We’ll start with diamonds. If we accept that rough diamonds are sold in parcels then it’s irrelevant the size of the stone, a parcel could have 5 stones or 20,000. All that is necessary is that a laser scanner (like we see in Sarin or OGI tools) could define each stone and assign it a unique ID. As the stone goes through its cutting and polishing process the Blockchain is updated, with additional bits of information about the stone by way of characteristics. When we deal with melee and mixed in parcels the individual stone could still be identified, even at .0025pt.
Yes, we would need a tool similar to what is being used now to identify synthetics, whereby you can pour thousands of carats of smalls into the machine and it will be able to identify them individually. I would say if you think this is too hard, think again – today in medicine we can identify a gene sequence which is a billion times smaller than a 1 pointer.
This approach doesn’t impede the commercial perspective of determining values but is the ultimate chain of warranties. We would eliminate a large number of issues associated with the Kimberly Process and the residual of the blood diamonds story.
The impact is even greater when you appreciate that not only have you created an identity of this diamond into the market place, but over the next two decades a significant proportion of diamonds set in jewellery throughout the world will be identifiable. Not to go off on tangents but this will have a disrupting effect on insurance both commercial and domestic, and no doubt could be huge in defeating money laundering and stopping the ongoing damage to the reputation of diamantaires worldwide.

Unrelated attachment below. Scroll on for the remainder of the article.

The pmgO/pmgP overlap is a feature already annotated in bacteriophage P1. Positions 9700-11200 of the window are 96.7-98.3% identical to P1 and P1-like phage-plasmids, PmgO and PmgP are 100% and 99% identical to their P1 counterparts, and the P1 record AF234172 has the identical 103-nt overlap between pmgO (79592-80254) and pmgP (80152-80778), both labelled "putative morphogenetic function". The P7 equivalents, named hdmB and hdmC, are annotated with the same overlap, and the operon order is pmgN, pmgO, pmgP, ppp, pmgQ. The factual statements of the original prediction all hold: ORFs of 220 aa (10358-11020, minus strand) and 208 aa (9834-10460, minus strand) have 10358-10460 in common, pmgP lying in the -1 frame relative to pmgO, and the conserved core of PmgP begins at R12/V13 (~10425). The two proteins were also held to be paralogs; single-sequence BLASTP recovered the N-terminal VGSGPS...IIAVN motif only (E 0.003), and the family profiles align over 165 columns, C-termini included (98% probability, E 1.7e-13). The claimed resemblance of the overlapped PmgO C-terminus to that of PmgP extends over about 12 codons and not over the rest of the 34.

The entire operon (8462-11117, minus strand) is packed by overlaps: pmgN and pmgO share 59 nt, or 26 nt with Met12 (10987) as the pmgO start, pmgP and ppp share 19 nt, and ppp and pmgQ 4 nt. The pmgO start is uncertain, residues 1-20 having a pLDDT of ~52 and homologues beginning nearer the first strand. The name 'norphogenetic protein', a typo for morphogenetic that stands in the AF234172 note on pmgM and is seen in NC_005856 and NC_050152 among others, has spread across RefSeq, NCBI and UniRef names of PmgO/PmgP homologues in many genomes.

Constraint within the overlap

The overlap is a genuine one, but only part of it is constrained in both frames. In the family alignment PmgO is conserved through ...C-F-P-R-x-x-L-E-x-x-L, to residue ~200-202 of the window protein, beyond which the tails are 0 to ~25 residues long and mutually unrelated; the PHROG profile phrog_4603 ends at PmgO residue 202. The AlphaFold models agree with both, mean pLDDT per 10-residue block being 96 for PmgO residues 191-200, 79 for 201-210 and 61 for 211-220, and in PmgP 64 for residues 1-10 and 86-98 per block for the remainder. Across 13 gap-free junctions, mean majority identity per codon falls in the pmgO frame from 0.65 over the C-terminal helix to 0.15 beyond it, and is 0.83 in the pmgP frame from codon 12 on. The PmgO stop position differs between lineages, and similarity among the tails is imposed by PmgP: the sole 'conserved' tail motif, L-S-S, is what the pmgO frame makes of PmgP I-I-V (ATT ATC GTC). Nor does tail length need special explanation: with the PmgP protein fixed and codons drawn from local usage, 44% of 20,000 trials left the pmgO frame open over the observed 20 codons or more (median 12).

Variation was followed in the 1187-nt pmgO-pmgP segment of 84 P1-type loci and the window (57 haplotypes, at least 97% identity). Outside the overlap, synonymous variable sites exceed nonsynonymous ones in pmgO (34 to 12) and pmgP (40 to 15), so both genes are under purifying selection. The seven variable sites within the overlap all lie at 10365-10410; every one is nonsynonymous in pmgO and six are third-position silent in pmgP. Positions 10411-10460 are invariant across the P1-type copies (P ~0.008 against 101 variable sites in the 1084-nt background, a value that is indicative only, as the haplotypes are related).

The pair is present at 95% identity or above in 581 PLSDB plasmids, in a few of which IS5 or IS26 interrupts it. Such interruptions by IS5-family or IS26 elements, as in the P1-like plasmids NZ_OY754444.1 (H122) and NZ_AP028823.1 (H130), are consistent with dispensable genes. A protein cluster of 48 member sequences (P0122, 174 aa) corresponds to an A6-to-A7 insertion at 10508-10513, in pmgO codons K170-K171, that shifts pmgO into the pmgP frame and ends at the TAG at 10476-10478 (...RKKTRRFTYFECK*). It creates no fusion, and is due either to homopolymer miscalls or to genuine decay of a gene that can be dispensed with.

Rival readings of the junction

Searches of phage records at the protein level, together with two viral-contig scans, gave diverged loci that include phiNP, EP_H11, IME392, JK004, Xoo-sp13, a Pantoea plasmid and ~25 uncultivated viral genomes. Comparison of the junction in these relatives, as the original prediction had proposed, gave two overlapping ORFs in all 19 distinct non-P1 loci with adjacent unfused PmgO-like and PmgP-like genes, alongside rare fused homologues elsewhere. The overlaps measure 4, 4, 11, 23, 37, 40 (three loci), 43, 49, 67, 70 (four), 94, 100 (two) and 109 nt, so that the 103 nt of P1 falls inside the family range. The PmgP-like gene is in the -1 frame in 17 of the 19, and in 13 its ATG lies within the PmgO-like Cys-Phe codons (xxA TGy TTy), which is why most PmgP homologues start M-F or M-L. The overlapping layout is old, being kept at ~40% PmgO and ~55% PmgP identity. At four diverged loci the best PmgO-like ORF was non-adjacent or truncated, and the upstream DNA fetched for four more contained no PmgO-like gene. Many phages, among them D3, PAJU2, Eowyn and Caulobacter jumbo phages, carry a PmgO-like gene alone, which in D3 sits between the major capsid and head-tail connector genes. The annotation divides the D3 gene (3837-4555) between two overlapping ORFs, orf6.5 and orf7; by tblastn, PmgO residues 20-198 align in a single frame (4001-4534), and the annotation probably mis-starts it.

Precious metal jewellery will be harder to track because of metals being remelted and combined, but 20 years ago there was technology which claimed it could do this and no doubt if we can look at the molecular world of living cells, then this won’t be impossible. A finished item of jewellery will have its own record on the Blockchain with a relationship to multiple gems with their own records in turn.
An example of how this might work, is that as you buy a diamond on a wholesale level three records are updated. The Blockchain logs a change in ownership for that unique stone and identifies that you are now the new owner. As the diamond itself logs change of ownership, it could even register its relationship to other diamonds in the ring as the ownership is not a singular one but moves in conjunction with others.
What about prices of diamonds worldwide stored on a Blockchain? As everything is on a user pay system then everyone benefits, it’s all about the rules you have set in the Blockchain on items you own. In simplistic terms, if you have a price list to which anyone who owns a diamond could contribute, you could choose to allow a third party to access your data. Try and remember it’s just data, but it’s your data and if you can earn a micro cent on this because someone has built a price list which would need to track price movements, then cumulatively this could become a new source of revenue for you, and a transparent price list in the world of diamonds.
Individuals or companies could choose whether the price is published with all its associated data or just the basics, each business rule attracts a higher or lower payment. The best part is that we achieve greater transparency which whether you agree with it or not, is here to stay and become more and more part of our lives. Are you fearful or do you see it as an opportunity? When you start to see the huge opportunities and tangents this can go you may agree it represents immeasurable value.